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Summary of main points.

• Obsession with dieting and weight control can lead to eating disorders.

• There is no evidence that educational efforts to reduce obesity increase eating disorders in a community.

• The main eating disorders are anorexia nervosa and bulimia.

• These exist in about 1-10 per cent of the female population. Anorexia and bulimia are currently not common in males though they certainly occur.

• Disordered eating patterns for bulking, as in body building, are more characteristic of males.

• Eating disorders as a side effect must be considered in any fat loss programming.

Any discussion of weight control or fat loss programs would not be complete without a consideration of eating disorders. These may be an inevitable consequence of the idea that we can sculpt our bodies and ‘will’ our minds to accomplish any ideal without any apparent downside. The move towards a ‘perfect’ body is exacerbated by images portrayed in the media and by careers or professions, such as gymnastics and dancing, where an extremely slim or lean physique is required. However, whilst an unrealistic body ideal is a trigger for eating disorders, there is no evidence that initiatives to reduce obesity in the community per se, have this effect. Eating disorders have been reported in the literature for hundreds of years, well before the time of the modern obsession with weight.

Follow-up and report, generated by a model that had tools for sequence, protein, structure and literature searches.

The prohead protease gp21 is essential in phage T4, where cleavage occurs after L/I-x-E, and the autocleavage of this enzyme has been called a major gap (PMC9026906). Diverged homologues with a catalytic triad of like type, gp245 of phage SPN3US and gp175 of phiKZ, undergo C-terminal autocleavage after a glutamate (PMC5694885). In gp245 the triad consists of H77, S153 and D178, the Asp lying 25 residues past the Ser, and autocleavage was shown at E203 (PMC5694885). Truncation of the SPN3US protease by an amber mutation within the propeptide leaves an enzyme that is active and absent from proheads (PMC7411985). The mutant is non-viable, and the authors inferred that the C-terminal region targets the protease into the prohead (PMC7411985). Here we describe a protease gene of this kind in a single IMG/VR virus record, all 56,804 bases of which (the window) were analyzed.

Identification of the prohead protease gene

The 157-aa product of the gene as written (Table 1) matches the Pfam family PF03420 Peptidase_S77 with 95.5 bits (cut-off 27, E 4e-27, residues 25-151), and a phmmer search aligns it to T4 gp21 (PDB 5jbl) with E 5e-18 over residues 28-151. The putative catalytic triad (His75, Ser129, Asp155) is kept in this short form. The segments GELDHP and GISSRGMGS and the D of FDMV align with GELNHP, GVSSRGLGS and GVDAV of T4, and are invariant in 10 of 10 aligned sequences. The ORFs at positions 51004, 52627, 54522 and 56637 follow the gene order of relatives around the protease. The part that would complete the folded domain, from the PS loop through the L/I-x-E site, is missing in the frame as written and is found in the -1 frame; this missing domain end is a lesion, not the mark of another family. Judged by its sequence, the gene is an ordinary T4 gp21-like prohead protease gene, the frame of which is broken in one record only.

The two main disorders to be considered here are anorexia nervosa, and bulimia. Because these are specialty areas of study, the discussion here is necessarily brief and directed towards the practical implications for fat loss leaders working with clients who may manifest these problems.


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